Friday, April 25, 2014

I'm an introvert and a teacher. (And that's ok.)

Hello all!


I've been doing some introspection this week and thought I'd share my thoughts with you.

I'm an introvert, through and through. Put me in front of a crowd and I love it. Organized notes, shiny pictures, sharing my experience: I love it. But put me in a one-on-one conversation or a party situation and I freeze up like a deer in headlights.

This has made being a teacher a challenge. I like quiet and order. I've come to terms with the fact that some areas of the classroom are just going to be messy (like my desk. And Dramatic Play center). I let the kids get messy in art and allow extra time to clean it up.  I've learned to ignore behaviors that don't hurt anyone else or interfere with learning, although there are days when everything seems to bother me and I need to take lots of deep breaths.
    My biggest challenge is working with my team. Don't get me wrong: I have a great team that's creative and loves the kids and works hard. My problem is that if they don't directly tell me something's wrong, I might miss it because I'm more focused on the activity in the classroom.
    I'm not great at talking to people on the best of days; in a one-on-one conversation, thoughts just fly from my head and I have trouble thinking of things to say. I love working one-on-one with kids; probably because I'm not worried about being judged by them.
        I've read some great articles online about being an introverted teacher and looked through my resources. My boss has been helpful, too, in helping me be more of a leader with my team and realizing what they need.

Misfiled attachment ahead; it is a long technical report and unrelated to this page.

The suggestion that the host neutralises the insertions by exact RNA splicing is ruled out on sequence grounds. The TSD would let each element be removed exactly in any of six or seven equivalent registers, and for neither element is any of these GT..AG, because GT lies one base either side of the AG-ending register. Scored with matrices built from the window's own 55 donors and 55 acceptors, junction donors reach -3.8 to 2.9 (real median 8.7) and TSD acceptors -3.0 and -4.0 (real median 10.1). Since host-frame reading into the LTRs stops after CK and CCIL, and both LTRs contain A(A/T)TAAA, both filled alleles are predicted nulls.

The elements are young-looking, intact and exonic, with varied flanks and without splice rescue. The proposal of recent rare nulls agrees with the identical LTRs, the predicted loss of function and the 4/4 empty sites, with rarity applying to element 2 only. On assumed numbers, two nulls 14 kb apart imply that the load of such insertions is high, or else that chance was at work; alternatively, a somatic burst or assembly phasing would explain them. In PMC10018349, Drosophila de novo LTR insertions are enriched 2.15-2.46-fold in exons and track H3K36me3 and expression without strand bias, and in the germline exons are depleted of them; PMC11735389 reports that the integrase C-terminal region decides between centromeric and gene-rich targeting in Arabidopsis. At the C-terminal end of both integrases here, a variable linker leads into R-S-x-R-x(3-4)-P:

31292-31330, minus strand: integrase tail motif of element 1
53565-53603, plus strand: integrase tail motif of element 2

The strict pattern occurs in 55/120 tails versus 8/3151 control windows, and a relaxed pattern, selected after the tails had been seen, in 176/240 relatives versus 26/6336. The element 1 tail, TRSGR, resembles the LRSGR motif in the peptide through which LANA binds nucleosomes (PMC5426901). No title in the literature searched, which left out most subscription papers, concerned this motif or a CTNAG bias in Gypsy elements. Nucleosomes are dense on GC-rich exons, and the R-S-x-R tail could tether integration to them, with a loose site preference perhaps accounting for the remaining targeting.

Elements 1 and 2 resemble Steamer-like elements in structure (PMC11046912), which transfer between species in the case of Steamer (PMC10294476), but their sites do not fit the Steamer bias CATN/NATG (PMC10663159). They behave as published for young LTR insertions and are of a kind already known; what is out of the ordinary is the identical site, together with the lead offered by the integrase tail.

To get around this, I've found some strategies that might be useful to my fellow introverts:

1. Accept it. It's ok to be an introverted teacher. There are lots of us out there and it can be a really useful style, especially when it comes to working in small groups.

2. Use resources about parent relationships and child relationships to help you with your working relationships. It's a process. There's a ton of information out there about Active Listening, making sure you use praise, talk to each of them about something positive every day. The conversations with your coworkers don't need to be long; it's a matter of "faking it til you make it."

3. Interact with others in ways that make you feel comfortable. I prefer large groups, preferably around eating or gaming. That way, there's something else to focus on besides conversation, which I don't have to carry.

4. Recognize your other qualities and strengths. The world values extroversion, but introverts are awesome too! We get lost in good books, we can be good listeners, we can have inner strength. Focus on the great things about yourself and how you succeed at work.

5. Make time for yourself.  I need my lunch. I sit in the back and crochet and if I don't get it, I get cranky and exhausted. If you don't have a lunch, try taking a minute or two longer in the bathroom or work some time in at the end of the day. Every day, do something that makes you happy that's just for you.